Daily Devotions


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Any animal that has divided hoofs and is cleft-footed and chews the cud—such you may eat. But among those that chew the cud or have divided hoofs, you shall not eat the following: the camel, for even though it chews the cud, it does not have divided hoofs; it is unclean for you. (Leviticus 11:3-4)


“To be a philosopher is not merely to have subtle thoughts, nor even to found a school…it is to solve some of the problems of life, not only theoretically, but practically.”

- Henry David Thoreau


By Thoreau’s definition, all Christians are philosophers. As people of faith in Christ, we are able “to solve some of the problems of life, not only theoretically, but practically.” The greatest instinct we humans possess, is the instinct for survival. Through Jesus’ life, death, and resurrection, we humans have the opportunity for life beyond the grave, to survive eternally.


Many of the Biblical laws and Jesus’ parables and sermons dealt with practical matters. The Jewish food laws were, in part, to assist the people from acquiring illnesses. Practical! Jesus’ exorcisms were an ancient attempt to address any number of issues, including mental illness. Practical! Even Jesus’ beatitudes were a way of transforming society’s views of the poor. Practical!


Today, think about the Biblical examples you can find that were practical in nature. The Bible is not some book of platitudes, but was a way for the “chosen people” to live happy and healthy lives. Practical! The Bible is not entirely otherworldly, but is steeped in the practicality of this world and how to live in the here and now. Today, take some time and read different passages in the Bible. Ask yourself, what is the story line, and what meaning would it have for the reader in that time? Answering this question is the first step in learning how to live as people of faith in our world, today. Reading the Bible in this manner opens new doors to understanding.

Over-and-Over Again

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Can I not do with you, O house of Israel, just as this potter has done? says the Lord. Just like the clay in the potter’s hand, so are you in my hand, O house of Israel. (Jeremiah 18:6)


“We who cut mere stones must always be envisioning cathedrals.” I love that quote by Cal Newport. You do not wake up one day and decide to build a cathedral. It takes time, education, experience, mistakes, support, vision, and much more.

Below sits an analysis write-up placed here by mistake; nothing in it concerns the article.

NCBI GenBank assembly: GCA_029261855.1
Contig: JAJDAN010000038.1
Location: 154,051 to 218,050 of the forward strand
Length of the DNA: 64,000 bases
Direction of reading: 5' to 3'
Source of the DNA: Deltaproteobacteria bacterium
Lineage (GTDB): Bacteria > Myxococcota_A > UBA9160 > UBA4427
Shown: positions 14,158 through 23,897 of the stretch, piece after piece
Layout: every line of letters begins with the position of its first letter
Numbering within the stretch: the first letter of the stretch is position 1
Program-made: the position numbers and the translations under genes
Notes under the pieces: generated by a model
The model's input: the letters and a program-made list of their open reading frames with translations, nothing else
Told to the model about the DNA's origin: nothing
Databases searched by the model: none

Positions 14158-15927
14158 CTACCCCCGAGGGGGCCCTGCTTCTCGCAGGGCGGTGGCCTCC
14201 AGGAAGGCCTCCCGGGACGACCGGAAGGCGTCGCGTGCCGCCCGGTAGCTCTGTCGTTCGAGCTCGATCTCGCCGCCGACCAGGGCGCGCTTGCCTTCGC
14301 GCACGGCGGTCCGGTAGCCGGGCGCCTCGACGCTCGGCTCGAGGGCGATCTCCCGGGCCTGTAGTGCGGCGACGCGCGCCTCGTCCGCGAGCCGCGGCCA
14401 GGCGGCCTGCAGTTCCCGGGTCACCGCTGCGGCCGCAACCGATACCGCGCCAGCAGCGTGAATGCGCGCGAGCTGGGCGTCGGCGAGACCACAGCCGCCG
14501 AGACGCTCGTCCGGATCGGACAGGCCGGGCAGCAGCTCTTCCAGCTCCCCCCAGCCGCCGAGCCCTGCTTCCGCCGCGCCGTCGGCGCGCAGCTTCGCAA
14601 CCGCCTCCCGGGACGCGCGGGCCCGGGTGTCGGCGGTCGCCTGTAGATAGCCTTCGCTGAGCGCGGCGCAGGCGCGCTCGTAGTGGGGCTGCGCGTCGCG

Rusty Ellis tells the story of an art teacher who broke her class into two groups. One group was told to make as many clay pots as fast as they could. The other group was told to take their time and build just one “perfect pot.” By the end of the class period, the ones who worked as fast as they could created some pots that were as good or better than the students who worked at the “perfect” pot.


In other words, hard work and repetition is often more beneficial than concentrating on creating the perfect thing. The same is true of prayer. When I was a young pastor, I was immediately flung into the deep end of public prayers. Oddly, there was never a seminary class on offering public prayers. Crafting a good prayer is an art. Often, I use the words of those who are better at it than I am in our worship services. But that isn’t always possible in public prayer. Through the years I’ve become more proficient by simply doing it, over-and-over again.


A well-crafted, meaningful prayer for public consumption is best learned through practice, over-and-over again. Today, write your personal prayers. Try to craft your prayers to God as if a group of people would hear them. When you do this activity, you will learn to take your time and focus on the deeper meaning behind your words. Writing your prayers will allow you to speak to God in a new and exciting way. Start cutting your prayerful stones and molding your prayerful pots today.

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